Libyan people were freed from an unelected regime by the 2011 revolution. Gelato or ice cream has suddenly become a newly found love, in post Gaddafi Libya, but why?
On October 20, 2011, Muammar Gaddafi, leader of Libya was caught and summarily executed. It was not quite an end to the Libyan people's Arab Spring revolution but a new dawn was around the corner.
Freedom from what had become a repressive regime brought about many changes, including a love affair with ice cream.
Before the 2011 revolution only a few ice cream shops were to be found in the Libyan capital Tripoli. Now there are many. The shops are called gelaterias and the ice cream which they sell is called gelato.
Modern ice cream in countries such as the UK tends to be a poor representative of this creamy dessert. It is often nothing more than highly whipped margarine. Little wonder most dieticians advise a limited intake of such ice cream. In order to purchase "real" ice cream many people would say you have to visit Italy. Now that claim could include Libya.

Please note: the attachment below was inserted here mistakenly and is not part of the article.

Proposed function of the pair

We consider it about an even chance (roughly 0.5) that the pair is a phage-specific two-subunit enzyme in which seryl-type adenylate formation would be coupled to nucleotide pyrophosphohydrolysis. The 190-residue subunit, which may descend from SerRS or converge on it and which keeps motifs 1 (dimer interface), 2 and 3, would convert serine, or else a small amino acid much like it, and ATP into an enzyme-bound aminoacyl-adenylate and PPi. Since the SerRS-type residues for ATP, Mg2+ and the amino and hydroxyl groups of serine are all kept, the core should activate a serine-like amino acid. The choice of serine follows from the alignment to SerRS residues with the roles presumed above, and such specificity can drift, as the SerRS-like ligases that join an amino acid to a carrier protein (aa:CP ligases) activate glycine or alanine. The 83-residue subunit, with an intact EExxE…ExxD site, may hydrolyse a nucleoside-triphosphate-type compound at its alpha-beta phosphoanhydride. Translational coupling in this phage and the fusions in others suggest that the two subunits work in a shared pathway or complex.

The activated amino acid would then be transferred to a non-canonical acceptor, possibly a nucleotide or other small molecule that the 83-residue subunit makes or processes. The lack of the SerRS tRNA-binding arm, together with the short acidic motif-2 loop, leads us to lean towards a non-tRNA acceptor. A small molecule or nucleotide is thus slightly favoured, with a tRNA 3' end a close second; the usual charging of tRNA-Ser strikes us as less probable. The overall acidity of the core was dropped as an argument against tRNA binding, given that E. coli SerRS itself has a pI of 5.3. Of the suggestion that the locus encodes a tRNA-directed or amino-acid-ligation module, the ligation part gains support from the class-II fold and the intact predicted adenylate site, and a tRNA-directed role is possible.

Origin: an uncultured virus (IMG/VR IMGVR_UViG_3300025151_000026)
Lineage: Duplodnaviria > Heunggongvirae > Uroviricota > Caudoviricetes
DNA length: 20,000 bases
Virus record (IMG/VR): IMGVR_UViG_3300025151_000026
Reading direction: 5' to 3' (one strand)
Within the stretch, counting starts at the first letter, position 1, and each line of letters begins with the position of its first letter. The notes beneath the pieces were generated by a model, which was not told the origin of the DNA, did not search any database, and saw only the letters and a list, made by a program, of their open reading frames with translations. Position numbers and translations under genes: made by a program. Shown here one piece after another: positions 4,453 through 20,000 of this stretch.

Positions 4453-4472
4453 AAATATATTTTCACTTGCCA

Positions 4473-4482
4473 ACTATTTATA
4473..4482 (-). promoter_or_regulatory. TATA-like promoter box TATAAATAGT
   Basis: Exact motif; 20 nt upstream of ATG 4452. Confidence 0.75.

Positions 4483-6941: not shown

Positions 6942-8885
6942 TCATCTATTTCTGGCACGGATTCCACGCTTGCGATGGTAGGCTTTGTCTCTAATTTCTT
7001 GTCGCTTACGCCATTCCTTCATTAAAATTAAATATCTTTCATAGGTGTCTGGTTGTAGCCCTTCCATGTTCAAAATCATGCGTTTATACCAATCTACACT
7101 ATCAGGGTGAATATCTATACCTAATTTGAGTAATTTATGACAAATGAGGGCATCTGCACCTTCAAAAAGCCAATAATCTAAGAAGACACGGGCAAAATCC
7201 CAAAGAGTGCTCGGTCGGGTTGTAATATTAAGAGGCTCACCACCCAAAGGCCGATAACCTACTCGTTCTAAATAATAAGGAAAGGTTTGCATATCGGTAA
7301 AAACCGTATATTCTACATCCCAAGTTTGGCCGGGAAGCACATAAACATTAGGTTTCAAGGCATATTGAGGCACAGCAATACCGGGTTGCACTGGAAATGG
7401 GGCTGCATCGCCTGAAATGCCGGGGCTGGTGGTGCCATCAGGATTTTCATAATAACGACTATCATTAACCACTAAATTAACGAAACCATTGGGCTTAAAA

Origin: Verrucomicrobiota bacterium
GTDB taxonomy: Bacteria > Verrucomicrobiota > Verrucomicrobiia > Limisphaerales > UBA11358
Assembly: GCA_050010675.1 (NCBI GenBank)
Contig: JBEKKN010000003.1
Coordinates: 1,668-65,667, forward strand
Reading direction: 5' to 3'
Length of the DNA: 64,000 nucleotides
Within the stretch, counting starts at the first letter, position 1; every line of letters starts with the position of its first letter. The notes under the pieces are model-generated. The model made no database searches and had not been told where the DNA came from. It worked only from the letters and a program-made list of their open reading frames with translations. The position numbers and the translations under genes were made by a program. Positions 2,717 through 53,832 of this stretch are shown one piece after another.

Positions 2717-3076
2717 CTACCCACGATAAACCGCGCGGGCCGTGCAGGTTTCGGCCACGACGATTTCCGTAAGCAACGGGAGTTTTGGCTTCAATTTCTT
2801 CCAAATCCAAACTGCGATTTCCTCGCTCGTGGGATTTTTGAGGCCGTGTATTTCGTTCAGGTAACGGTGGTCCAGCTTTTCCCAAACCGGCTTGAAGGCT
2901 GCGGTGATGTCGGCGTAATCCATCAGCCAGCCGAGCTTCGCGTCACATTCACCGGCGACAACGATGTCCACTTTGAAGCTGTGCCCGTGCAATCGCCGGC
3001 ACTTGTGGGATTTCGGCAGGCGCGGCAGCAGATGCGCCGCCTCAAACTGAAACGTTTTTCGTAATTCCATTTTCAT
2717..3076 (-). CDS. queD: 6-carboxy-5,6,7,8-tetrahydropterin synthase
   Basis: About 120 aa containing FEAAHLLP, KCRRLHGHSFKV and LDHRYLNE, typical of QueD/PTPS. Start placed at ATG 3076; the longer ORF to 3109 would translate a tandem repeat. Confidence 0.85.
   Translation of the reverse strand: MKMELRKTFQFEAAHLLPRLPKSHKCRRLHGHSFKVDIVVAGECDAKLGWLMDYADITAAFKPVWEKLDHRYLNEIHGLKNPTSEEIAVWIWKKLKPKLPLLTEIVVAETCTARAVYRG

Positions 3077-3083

Gelato is traditional Italian ice cream and Libya was previously an Italian colony. Gelato is made from milk, cream and different sugars, with added ingredients such as fresh fruit and natural flavouring.
Under Gaddafi though trading was never easy. It is easier now to secure a street trading license in Libya than during the rule of Gaddafi. This change has led to ice cream vans trading on the streets. Most Libyans, it is reported, love to hear the jingles played by the vans as they ply their trade. During the summer of 2012 they became hugely popular.
Libyans who have visited Italy have returned home inspired by what they have seen and tasted in Italy. Ice cream entrepreneur and gelateria owner, Ms Ruweida al-Rayes, has said that gelaterias are popular as Libyans "love to eat, eat, eat, eat, eat - especially sweets".
Under the rule of Gaddafi running a business was not easy, especially for selling a "luxury" item such as gelato.